A Health Insurance record must be created at any time during a project stay if health insurance coverage
information changes. 'Information Date’ for those records must reflect the date of the data collection.
A Health Insurance record must be created as part of an annual assessment for all clients residing in a
project one year or more, even if there is no change in coverage. 'Information Date’ for those records
must reflect the date of the data collection, which must be no more than 30 days before or after the
anniversary of the head of household’s Project Start Date. The annual assessment must include updating
both the head of household’s record and any other family members at the same time.
If a client's health insurance information was recorded incorrectly at project start, update, assessment,
or exit, correct the existing record.
If the response to Covered by Health Insurance is ‘No,’ no further data collection is required. If the
response is ‘Yes,’ record whether or not the client is covered by each of the listed insurance types. If
required by a funder, enter the reason why such insurance is not being received for each health
insurance source.
Applying for coverage through a healthcare exchange could result in a person receiving subsidized
private health insurance or it could result in the person receiving Medicaid. If the client’s health
coverage is through a private provider (even if it is heavily subsidized), record it as Private Pay Health
Insurance. If the client’s health coverage is through Medicaid (even if it was accessed through a
healthcare exchange website), record it as Medicaid.
Health Insurance is intended to identify actual health insurance sources. Indigent care received by a
medical provider or hospital to cover a health care costs does not constitute health insurance coverage
and should not be recorded in HMIS.
Medical and dental health coverage provided through Ryan White funding is not considered health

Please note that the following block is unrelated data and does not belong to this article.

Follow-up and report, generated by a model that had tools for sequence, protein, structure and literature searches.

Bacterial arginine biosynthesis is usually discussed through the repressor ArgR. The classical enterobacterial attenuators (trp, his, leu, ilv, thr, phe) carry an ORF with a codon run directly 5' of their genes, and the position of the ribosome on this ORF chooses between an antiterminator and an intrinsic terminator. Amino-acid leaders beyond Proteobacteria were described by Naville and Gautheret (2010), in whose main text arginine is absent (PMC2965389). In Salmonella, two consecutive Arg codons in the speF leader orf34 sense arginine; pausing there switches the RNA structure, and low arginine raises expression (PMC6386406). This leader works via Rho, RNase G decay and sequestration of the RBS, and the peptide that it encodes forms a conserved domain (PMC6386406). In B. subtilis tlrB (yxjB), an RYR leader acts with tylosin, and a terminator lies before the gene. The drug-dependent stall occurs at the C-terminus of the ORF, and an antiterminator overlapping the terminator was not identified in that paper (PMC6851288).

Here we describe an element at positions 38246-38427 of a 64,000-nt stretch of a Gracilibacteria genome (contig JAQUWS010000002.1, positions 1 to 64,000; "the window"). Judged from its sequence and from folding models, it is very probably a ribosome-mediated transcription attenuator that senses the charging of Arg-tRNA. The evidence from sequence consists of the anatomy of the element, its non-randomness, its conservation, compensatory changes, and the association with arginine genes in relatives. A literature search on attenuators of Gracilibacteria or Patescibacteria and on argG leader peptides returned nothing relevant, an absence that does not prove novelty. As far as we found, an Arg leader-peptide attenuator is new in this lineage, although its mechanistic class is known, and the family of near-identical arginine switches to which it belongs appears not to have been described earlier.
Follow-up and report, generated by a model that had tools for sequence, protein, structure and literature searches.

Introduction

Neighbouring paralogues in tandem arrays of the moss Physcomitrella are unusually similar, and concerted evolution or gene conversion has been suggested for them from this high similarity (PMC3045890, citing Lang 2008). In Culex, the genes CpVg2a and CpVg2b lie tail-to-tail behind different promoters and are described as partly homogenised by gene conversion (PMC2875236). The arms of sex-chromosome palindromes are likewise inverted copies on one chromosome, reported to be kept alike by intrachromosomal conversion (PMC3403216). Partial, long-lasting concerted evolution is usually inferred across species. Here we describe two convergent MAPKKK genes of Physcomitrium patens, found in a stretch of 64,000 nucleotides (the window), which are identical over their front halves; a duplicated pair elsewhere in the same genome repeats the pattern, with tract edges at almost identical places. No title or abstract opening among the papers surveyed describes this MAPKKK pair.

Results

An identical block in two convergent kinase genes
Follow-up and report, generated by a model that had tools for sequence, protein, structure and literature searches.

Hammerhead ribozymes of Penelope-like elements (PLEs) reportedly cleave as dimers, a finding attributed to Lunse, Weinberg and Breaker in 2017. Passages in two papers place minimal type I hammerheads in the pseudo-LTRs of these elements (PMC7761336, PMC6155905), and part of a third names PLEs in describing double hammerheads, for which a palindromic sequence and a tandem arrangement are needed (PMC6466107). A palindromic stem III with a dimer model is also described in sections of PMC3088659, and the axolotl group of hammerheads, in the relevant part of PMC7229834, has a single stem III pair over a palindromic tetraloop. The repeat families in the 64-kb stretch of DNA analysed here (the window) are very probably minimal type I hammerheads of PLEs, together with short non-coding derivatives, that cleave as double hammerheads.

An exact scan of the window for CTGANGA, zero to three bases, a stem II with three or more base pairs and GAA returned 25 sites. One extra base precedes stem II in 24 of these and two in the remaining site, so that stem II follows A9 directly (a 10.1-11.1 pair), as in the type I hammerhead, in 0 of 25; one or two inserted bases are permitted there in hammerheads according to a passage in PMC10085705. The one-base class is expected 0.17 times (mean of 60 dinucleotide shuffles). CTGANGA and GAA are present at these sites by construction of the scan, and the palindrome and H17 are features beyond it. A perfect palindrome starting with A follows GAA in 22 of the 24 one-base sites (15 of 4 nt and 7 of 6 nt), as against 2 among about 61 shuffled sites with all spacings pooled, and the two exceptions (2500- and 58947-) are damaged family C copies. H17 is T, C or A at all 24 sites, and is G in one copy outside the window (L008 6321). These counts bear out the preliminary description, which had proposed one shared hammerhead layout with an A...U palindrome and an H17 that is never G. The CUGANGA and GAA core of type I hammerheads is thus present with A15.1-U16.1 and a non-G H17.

insurance. If this is the only health coverage a client has, record ‘No’ in the field ‘Covered by Health
Insurance.’ Housing Opportunities for Persons With AIDS (HOPWA) providers record Ryan White health
services in data element W3 Medical Assistance (see HOPWA Program HMIS Manual). It is anticipated
that the combination of these two data elements will be used when measuring access to care for the
HOPWA APR and CAPER.
71
Data Element Fields and Responses
Field
Dependency
Response Category/
Data Type
Descriptions
1 Information Date
None
[Date]
The date the information was
collected.
2 Covered by Health Insurance
None
0 No
1 Yes
8 Client doesn't know
9 Client refused
99 Data not collected
3 Medicaid
None
0 No
1 Yes
Medicaid is a partnership
between federal and state
funds. It should always be
listed as Medicaid not State
Health Insurance.
4 Medicare
None
0 No
1 Yes
5 State Children’s Health
Insurance Program (or use
local name)
None
0 No
1 Yes
6 Veteran’s Administration (VA)
Medical Services
None
0 No
1 Yes
7 Employer-Provided Health
Insurance
None
0 No
1 Yes
Including TRICARE available
to veterans based on military
service
8 Health Insurance obtained
through COBRA
None
0 No
1 Yes
9 Private Pay Health Insurance
None
0 No
1 Yes
10 State Health Insurance for
Adults (or use local name)
None
0 No
1 Yes
11 Indian Health Services
Program
None
0 No
1 Yes
12 Other
None
0 No
A health insurance other than
the ones identified in this list.
1 Yes
A Specify Source
Field 12;
Response 1
[Text]
13 Reason (HOPWA ONLY)
If "No" for
all Insurance
Sources
1 Applied; decision
pending
2 Applied; client not
eligible
3 Client did not apply
4 Insurance type N/A
for this client
8 Cli